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curiousKC | This is Why Troost Lake is on the Paseo

And A Few Bonus Fun Facts You Don’t Want to Miss

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Above image credit: Troost Lake marked an important time in KC's development. (Missouri Valley Special Collections | Collage by Vicky Diaz-Camacho)

Before there were streetcars and jazz joints, the land now known as Kansas City was home to the Clovis peoples and, later, other Native American tribes

Local history piques the interest of John Mascal, who has lived in the metro area his whole life. Mascal, who holds a degree in sociology from the University of Missouri-Kansas City, asked why Troost Lake is on the Paseo.

“I enjoy history and a good story,” he said in an email. 

To answer his query, we called on Ann McFerrin, the archivist in the Kansas City Parks and Recreation Department. After reading through dozens of clippings from the 1800s, reviewing archived photographs and city documents, we have arrived at an answer.

But first, let’s start with the piece of land where Troost Lake began.

This map, from 1896 to 1907, shows the area in which Troost Park was developed. (Missouri Valley Special Collections | Kansas City Public Library)

The ‘Pleasantest’ Park in Town

Then, French fur traders and other European settlers landed in the early 1800s. Throughout the 1800s, the settlers built villages and shops and the city began to take shape. 

The early 1800s were important times in Kansas City’s history. 

The following brief history piece is loosely linked to the story of Troost Park. In 1831, Mormon leader Joseph Smith and 12 others camped in Kaw township where they laid a log, which would become the site of the first school to be built in the Kansas City area.

As for the land known now as Troost Park, it was once the Porter Farm. The Porter family migrated to the area in 1832 and established their home. 

Nashville native Rev. James Porter and his family built a one-and-a-half story log home, with five rooms and nearby servants quarters, according to a 1970 article in the Kansas City Times. The Porter family brought with them horses, cattle, hogs and almost 30 Black servants, who were likely enslaved because of Tennessee’s known slave markets. The reverend died and his family continued to manage the farm.

In 1886, his widow Lucy Porter sold a 15-acre strip that stretched from Holmes Street through Charlotte Street to the Kansas City Cable Railway Company. 

Lucy sold it in the hopes that nearby development could increase the value of her residential land where she and her sons lived, according to a 1946 Kansas City Star article. It worked.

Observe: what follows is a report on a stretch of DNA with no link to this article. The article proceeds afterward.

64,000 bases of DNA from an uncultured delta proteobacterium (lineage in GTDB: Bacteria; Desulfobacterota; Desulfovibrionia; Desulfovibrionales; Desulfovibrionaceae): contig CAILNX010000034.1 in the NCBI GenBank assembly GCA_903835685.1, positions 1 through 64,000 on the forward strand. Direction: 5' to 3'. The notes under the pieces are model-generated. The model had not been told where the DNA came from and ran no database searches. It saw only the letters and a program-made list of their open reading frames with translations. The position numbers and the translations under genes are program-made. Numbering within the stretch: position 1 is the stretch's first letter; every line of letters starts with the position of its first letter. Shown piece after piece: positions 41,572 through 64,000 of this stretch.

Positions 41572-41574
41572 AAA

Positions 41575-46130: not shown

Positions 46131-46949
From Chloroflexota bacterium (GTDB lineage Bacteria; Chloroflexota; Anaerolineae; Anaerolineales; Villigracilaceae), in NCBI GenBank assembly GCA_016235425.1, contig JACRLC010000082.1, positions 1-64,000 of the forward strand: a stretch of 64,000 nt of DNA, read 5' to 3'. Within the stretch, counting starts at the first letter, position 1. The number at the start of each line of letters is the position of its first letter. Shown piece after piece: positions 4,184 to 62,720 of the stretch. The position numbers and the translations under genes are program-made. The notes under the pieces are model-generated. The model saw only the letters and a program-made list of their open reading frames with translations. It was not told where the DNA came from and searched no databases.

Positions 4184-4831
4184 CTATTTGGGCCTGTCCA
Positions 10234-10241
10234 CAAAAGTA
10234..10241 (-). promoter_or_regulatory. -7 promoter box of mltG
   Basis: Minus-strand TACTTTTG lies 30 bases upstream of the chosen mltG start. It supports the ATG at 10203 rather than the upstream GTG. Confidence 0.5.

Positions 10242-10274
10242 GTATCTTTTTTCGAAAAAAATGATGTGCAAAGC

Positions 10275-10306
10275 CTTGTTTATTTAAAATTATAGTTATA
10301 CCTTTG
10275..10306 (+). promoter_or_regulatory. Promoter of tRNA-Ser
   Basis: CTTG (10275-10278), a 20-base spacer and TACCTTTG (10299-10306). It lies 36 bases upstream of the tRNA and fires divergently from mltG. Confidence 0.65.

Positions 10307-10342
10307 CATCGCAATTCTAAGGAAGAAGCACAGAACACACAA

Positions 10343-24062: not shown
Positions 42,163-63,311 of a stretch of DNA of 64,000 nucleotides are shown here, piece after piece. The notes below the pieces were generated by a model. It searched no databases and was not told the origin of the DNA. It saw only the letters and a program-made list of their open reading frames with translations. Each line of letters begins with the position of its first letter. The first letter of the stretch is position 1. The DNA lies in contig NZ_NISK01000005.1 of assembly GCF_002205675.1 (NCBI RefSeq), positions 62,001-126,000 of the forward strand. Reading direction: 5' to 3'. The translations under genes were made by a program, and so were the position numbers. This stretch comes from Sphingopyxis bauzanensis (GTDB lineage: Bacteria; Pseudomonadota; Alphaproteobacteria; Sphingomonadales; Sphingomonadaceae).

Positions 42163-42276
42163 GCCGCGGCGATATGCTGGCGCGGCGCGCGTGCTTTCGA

Advertisements from 1886 labeled Troost Avenue as a “booming” and “delightful” area, perfect for suburban living and leisure. Troost was an important street and was called the “trade artery,” according to the Kansas City Public Library.

For the next decade, the railway company transformed its plot of land by installing a streetcar, a park and, you guessed it, a lake. 

A view of people rowing their boats in Troost Lake sometime in 1890. (Missouri Valley Special Collections | Kansas City Public Library)

“An artificial lake had been built by damming a ravine at Twenty-Seventh Street between Vine Street and the present Paseo,” according to the 1946 Star article. 

The company was attempting to “stimulate trade” for its streetcar line, according to the Kansas City Public Library. Patrons of the streetcar were granted free admittance to the park. 

A Kansas City Times event ad from June 12, 1888, claimed Troost Park was “one of the pleasantest resorts about the city.” Members of the Porter family had their own private gate to the park from their old farm at the northeast corner of 28th and Tracy. 

“The Cable Company was trying to drum up business for their new cable line, sort of like when Electric Park was located in the East Bottoms and the Heim Brothers created a railroad line to take people there to visit Electric Park and their brewery,” McFerrin said.

In the 1890s, little boathouses dotted the edge of the lake. Then owners of the amusement park added concession stands, water activities such as rowboats and a wildly popular ride called the Chute the Chutes, wherein small boats on wheels would glide down a slide and shoot out of the water. 

A view of the boathouses on Troost Lake. (Missouri Valley Special Collections | Kansas City Public Library)

Chute the Chutes was the first thriller ride of its kind in local amusement parks, according to the Kansas City Times.

“Apparently, after the property was purchased for an extension of the Paseo an attempt was made to call the area ‘Paseo Park,’ but the public kept calling it Troost Park so that’s the name it has,” McFerrin said.

McFerrin said “Troost Park” just stuck even after plans for acquisition and development of Paseo Boulevard were well underway in the late 1890s. However, when the park was created there was no such thing as the Paseo. The Paseo – which means “walkway” or “promenade” in Spanish – was modeled after the Paseo de la Reforma in Mexico City. 

In 1902, the city purchased Troost Park and added a few historical markers – one of which commemorates Mormon missionaries’ journey through the area. 

Remember that fun fact we alluded to earlier? This is it. Troost Park amusement park was among the first of its kind in the metro.

A postcard of Lakeside Hospital along Troost Lake in 1930. (Missouri Valley Special Collections | Kansas City Public Library)

CommunityAmerica Credit Union
curiousKC is supported by CommunityAmerica Credit Union.

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